Thoracentesis is a procedure to remove fluid from the space between the lining of the outside of the lungs (pleura) and the wall of the chest. Normally, there is little fluid (about 4 teaspoons!) in this cavity, or pleural space. A buildup of too much fluid between the layers of the pleura is called a pleural effusion. When extra fluid presses on the lungs, it can make it hard to breathe.
- Why is thoracentesis performed?
- Why is pleural fluid analysis done?
- How is the procedure performed?
- Where is this procedure performed?
- Are there risks to this procedure?
- How is treatment for the underlying condition determined?
- Consults. Referrals. Scheduling. Appointments.
Pleural effusion is very uncomfortable. The procedure is performed to relieve the symptoms of fluid buildup and increase patient comfort.
The collected fluid can be sent to the laboratory to be tested to determine the cause of the fluid building. This test is called pleural fluid analysis. Sometimes the procedure is performed for both patient comfort and test purposes.
The test may be also performed for conditions such as bacterial infection, asbestos-related pleural effusion, drug reactions, collagen vascular disease, lung cancer, hemothorax, pancreatitis, pneumonia and pulmonary embolism, pulmonary veno-occlusive disease and thyroid disease.When a bacterial infection is suspected, a culture of the fluid is taken.
Abnormal results can be caused by such conditions at cancer, cirrhosis, infection, heart failure, inflammation, malnutrition and kidney disease.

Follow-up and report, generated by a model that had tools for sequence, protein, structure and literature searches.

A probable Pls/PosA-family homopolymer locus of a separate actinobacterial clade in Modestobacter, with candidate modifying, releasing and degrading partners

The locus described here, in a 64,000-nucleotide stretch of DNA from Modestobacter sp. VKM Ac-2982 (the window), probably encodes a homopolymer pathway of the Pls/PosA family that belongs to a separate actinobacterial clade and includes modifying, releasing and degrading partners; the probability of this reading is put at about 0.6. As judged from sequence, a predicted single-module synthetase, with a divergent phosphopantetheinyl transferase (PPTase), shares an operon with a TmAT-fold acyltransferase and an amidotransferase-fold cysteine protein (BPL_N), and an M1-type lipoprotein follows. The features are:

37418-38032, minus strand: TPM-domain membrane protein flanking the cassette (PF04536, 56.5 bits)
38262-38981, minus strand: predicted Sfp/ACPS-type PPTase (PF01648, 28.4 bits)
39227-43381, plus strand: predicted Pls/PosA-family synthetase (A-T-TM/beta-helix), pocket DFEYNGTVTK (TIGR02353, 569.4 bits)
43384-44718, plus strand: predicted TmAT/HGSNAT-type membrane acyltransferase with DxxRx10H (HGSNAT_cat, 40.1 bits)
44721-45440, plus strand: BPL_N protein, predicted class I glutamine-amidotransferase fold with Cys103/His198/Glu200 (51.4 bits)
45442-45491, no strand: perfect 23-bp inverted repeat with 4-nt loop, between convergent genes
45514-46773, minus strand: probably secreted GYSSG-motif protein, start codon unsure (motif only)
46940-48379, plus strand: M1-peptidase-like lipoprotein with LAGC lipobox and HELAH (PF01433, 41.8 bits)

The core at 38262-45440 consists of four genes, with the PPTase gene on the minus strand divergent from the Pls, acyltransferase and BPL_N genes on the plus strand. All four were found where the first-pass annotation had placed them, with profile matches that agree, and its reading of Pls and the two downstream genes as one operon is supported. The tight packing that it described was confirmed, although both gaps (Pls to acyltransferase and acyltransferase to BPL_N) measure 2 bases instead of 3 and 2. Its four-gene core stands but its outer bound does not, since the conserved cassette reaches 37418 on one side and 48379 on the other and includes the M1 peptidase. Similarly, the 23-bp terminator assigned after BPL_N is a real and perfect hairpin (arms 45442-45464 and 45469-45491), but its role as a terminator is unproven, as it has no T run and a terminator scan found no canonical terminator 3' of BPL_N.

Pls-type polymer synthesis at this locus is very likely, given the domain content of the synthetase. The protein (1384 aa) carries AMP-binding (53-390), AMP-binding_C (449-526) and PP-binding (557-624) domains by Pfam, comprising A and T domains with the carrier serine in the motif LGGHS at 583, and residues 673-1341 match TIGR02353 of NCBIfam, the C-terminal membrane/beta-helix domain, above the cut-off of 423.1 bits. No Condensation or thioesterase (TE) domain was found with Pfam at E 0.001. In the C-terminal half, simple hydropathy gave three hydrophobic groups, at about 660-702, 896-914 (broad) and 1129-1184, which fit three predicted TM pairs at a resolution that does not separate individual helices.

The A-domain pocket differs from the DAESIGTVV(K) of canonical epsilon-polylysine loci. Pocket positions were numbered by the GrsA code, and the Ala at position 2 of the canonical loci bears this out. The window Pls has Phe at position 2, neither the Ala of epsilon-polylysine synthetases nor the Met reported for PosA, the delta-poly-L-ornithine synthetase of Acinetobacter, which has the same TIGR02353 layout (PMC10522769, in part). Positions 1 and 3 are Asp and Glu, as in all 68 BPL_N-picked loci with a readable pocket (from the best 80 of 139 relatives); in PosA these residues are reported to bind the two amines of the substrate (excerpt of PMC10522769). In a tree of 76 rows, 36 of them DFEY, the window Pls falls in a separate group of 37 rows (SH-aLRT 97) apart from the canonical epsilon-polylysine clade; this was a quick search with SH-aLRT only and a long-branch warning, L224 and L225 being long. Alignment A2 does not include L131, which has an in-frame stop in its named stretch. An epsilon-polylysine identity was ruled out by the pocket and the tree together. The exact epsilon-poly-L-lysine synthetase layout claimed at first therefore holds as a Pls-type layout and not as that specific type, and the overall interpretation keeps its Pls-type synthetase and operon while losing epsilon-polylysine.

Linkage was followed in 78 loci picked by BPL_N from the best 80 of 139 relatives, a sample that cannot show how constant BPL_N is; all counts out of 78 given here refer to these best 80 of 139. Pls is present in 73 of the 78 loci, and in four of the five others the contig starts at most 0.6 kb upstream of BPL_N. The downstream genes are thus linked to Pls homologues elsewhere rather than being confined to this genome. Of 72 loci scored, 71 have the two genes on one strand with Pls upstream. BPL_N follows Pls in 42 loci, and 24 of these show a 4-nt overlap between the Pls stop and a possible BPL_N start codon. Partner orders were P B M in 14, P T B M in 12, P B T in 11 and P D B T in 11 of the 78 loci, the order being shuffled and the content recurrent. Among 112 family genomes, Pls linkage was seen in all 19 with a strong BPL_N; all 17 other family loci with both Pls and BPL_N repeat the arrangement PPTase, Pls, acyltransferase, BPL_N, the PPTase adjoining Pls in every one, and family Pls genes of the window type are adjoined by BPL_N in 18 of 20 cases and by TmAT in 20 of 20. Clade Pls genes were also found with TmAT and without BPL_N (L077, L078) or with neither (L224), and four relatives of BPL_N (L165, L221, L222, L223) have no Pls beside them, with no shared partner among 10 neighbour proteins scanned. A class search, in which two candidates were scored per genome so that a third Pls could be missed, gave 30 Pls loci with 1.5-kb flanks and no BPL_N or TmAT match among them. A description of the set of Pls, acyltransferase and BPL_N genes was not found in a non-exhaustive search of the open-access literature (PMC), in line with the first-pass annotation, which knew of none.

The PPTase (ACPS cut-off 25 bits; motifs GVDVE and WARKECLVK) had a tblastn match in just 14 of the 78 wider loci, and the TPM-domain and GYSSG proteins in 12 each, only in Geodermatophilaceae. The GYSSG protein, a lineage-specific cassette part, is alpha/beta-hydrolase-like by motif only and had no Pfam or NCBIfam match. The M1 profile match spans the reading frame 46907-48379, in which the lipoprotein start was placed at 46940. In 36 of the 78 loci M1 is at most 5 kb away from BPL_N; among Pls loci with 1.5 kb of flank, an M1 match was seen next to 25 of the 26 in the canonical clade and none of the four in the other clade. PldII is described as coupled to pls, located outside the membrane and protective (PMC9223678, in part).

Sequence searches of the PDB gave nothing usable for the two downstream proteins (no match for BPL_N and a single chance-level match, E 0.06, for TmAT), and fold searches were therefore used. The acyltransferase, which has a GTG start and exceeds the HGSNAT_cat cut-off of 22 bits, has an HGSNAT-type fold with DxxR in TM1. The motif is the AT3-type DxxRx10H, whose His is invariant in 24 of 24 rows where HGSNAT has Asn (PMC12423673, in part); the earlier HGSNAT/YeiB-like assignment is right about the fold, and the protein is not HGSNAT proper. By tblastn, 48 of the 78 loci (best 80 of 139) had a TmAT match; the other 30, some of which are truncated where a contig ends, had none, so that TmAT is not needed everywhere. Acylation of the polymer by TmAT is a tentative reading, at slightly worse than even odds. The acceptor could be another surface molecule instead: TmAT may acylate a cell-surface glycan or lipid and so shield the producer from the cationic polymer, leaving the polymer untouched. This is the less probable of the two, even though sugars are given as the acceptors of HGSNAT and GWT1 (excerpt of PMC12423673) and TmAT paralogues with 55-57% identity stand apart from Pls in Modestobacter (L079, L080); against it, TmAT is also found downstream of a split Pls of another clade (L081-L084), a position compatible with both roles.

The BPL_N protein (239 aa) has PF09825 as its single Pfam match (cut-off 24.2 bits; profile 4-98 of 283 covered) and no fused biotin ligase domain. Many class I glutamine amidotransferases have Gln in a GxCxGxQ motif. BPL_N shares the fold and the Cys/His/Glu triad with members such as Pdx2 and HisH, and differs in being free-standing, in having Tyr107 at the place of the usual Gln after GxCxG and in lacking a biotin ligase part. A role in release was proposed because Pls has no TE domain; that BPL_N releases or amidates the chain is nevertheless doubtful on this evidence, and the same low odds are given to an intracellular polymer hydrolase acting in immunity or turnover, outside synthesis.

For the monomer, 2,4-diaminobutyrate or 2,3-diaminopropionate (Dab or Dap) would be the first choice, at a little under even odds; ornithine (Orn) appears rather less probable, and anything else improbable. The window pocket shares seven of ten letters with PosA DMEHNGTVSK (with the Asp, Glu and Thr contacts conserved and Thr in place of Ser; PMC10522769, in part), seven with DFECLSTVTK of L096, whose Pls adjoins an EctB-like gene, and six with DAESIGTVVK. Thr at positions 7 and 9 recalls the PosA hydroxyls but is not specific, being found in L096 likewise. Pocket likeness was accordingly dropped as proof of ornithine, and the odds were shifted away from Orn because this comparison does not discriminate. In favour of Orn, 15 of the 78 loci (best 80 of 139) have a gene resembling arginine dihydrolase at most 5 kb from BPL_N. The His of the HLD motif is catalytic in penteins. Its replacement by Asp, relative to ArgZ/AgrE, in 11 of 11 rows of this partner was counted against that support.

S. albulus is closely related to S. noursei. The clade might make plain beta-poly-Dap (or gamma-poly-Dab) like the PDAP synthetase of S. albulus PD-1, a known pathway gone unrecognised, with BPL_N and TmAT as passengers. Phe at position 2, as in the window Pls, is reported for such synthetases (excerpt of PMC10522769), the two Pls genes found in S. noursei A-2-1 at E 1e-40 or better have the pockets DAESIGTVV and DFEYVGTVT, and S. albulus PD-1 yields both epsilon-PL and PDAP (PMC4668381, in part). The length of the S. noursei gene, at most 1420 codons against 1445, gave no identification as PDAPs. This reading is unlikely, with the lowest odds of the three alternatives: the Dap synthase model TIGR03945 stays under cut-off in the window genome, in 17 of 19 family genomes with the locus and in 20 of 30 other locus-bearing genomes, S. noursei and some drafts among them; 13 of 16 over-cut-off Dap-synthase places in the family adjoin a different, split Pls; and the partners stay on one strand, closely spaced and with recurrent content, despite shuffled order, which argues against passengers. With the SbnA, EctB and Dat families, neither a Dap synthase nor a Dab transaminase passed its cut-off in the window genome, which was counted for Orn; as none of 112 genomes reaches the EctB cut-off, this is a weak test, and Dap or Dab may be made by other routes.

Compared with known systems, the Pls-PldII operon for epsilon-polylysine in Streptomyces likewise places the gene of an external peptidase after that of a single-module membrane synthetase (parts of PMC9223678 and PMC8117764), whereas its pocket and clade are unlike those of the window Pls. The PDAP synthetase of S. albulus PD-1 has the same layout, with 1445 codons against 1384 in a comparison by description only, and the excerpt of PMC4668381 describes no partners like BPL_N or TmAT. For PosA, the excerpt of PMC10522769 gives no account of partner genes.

There is no preparation for this test. As with most medical procedures, you will be asked to sign a consent form that outlines the benefits and risks of the procedure.
A check X-ray is taken before the procedure. Next, a small area of the skin on your back is sterilized, a local anesthetic is injected into the area to numb that portion of the body.
When numb, a needle, which serves to draw the excess fluid out, is placed through the skin and muscles of the chest wall into the pleural space (the space around the lungs). It is important to not cough, breathe deeply or move during the test.
There is generally a stinging sensation when the local anesthetic is injected. It is possible to feel pain or pressure when the needle is inserted in the pleural space. You should advise the provider if you experience shortness of breath or chest pain.
After the fluid has been removed, another chest X-ray is taken to compare the two images.
The procedure usually takes from 10 to 15 minutes. However, it may take longer if there is a lot of fluid to be removed. Generally, the patient is observed for a few hours.
The procedure can be performed in a doctor’s office, the X-ray department of a hospital, in the emergency room, at your bedside in the hospital or in the interventional radiology suite at the hospital. RIA Endovascular interventional radiologists perform thoracentesis in the radiology suites in local hospitals. They use ultrasound to both access the fluid and avoid vital organs.
Usually, no serious problems occur. However, like most procedures, it is possible to have a complication. The following problems, which usually get better on their own, can occur. If they do not, you doctor would likely prescribe treatment.
- Pneumothorax – collapsed lung
- Pain, bruising, bleeding or infection where the needle or tube was inserted
- Injury to the liver or spleen (extremely rare)
Once the doctor receives the lab results, he or she can begin to plan treatment based on the results. For instance, an infection would require antibiotics. Results indicative of cancer, cirrhosis, infection, heart failure, inflammation, malnutrition or kidney disease would require different treatment paths.